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Invasive and Native Plants (3rd - 6th) | Series 2, Lesson #2

Invasive and Native Plants

Key Topics/Vocabulary: Invasive, Non-native, Native, Adaptation, Outcompete, Drought Tolerant, Landscaping

Grade Levels: 3rd-6th

Click here for #2 Series Description

Spanish Lesson Plan

Science Framework

Lesson Bridge:

Connect this lesson (2) to Drip, Drop, Drought (1) by identifying key features of droughts and how different types of plants and species are affected. To prepare for Lesson #3 (Rainscaping) Urge students to think about which types of plants are well suited for drought-prone environments and which types of plants are not.

Lesson Overview:

In this lesson students will explore how humans interact with their environment, specifically plants. Then, they will participate in a simulation that reveals how human impact can affect the ecosystem by altering what species exist in it. During this lesson, students will understand & identify the concept of invasive versus native species. They will explore human impacts of introducing invasive species in the local environment and debate if humans are invasive or not as well as learn the values of native species and how they can restore an environment.

Suggested Activities and Learning Objectives by Grade Level:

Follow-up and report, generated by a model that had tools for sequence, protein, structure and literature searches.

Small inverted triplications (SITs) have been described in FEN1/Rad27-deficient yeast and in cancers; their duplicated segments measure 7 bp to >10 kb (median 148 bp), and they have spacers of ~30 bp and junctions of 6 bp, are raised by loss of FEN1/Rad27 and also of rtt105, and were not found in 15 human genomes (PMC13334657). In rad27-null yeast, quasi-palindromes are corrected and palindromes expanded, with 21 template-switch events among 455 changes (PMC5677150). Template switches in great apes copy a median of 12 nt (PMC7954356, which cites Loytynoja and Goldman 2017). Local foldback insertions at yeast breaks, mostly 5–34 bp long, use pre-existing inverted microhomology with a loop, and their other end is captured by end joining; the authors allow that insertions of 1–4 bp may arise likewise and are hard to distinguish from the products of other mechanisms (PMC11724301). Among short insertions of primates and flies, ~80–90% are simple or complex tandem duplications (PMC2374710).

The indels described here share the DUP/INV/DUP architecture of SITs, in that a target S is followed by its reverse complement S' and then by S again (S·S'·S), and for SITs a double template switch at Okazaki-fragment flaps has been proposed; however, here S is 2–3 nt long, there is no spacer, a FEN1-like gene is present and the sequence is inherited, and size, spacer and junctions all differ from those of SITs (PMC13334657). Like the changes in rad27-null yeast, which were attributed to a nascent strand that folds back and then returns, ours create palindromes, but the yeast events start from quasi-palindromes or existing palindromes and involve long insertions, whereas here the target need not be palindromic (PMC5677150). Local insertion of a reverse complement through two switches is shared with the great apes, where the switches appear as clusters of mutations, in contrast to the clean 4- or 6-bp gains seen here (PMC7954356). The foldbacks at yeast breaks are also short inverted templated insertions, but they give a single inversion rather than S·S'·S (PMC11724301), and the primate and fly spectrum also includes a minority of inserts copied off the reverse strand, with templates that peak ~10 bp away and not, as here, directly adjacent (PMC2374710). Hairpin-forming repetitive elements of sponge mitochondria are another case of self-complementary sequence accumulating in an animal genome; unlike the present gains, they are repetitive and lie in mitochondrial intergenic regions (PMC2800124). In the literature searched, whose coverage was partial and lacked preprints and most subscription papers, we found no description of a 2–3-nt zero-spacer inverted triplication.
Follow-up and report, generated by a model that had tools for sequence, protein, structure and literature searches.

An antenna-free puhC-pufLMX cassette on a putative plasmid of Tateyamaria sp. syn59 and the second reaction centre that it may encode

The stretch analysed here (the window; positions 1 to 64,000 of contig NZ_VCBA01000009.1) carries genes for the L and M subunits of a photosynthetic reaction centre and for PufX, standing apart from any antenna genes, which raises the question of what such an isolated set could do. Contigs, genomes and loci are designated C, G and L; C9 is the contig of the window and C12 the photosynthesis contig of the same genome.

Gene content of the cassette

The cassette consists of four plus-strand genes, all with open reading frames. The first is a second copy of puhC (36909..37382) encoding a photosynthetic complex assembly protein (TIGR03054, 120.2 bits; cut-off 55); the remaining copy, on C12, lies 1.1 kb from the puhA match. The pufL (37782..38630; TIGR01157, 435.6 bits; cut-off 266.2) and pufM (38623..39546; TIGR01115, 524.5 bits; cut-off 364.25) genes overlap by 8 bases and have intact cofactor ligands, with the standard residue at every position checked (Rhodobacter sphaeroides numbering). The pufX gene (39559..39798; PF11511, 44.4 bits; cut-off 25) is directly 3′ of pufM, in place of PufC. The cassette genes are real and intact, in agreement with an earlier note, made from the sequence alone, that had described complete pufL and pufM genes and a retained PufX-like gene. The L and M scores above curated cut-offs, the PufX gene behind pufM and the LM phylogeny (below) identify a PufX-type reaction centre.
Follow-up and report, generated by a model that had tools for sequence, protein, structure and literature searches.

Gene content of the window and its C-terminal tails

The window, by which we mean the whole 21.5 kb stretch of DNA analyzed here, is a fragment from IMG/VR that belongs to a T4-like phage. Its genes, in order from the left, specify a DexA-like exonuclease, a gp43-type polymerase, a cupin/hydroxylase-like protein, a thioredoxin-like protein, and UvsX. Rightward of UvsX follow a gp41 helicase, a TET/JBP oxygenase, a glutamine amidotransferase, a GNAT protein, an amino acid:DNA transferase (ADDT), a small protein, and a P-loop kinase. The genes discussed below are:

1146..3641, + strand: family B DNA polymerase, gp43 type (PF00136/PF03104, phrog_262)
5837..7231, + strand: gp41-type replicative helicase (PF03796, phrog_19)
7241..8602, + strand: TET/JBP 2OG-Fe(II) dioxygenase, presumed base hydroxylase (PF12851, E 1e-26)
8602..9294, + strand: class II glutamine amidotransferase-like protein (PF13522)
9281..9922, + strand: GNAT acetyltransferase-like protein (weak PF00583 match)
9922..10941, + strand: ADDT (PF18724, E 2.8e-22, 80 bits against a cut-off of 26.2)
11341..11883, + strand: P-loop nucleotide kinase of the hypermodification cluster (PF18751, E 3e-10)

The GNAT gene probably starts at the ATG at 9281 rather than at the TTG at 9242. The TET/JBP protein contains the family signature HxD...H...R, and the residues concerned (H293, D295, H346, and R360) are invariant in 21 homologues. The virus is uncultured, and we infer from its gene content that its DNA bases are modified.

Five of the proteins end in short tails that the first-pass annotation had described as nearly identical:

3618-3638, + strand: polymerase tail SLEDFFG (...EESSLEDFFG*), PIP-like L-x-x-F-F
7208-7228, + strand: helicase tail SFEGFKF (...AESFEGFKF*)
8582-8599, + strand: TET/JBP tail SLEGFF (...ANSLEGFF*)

Essential Question(s) that Connect CCCs and SEPs:


Activity Option #1: Invasive&Native plant game

Activity Option #2: Making Native Plant Guides


Activity Option #1: Invasive&Native plant game

  1. Place the natural objects across an area at the school. A flat grassy area is ideal but make sure it is not already going to be used for PE during the time you will be using it.
  2. Figure out what part of the area will be the sideline.
  3. Scout out native and non-native plants growing in and around your school garden.

Activity Option #2: Making Native Plant Guides

  1. Cut and fold cardstock paper to make it into a little book
  2. Identify a few native plants in your garden for students to add to their books
  3. Have an example Native Plant Guide to show students
  4. Prepare a station with colored pencils and tape


Invasive- A plant that is harmfully overspreading quickly

Non-native- A plant that is living or growing in a place that is not where is naturally occurs

Native- A plant that naturally occurs in particular place and has for a long time

Adaptation- When an animal changes to become better suited to its environment

Outcompete- When a plant or animal displaces a another plant or animal by taking its space, food or other resources

Drought Tolerant- A plant that can live for a long period of time without water

Landscaping- To change a piece of land by moving soil, making mounds, or planting.

Activity Procedure:


Who here knows what a native plant is? What about a non-native plant?  Non-natives are plants  that people brought to this area from far away--often from other areas with similar climates. These plants can live wild alongside native plants. What’s an invasive plant? (A non-native plant that causes a lot of damage in the areas it grows wild). Can anyone give me examples?


Take a walk through the garden and or areas of campus and explore invasive and native plants.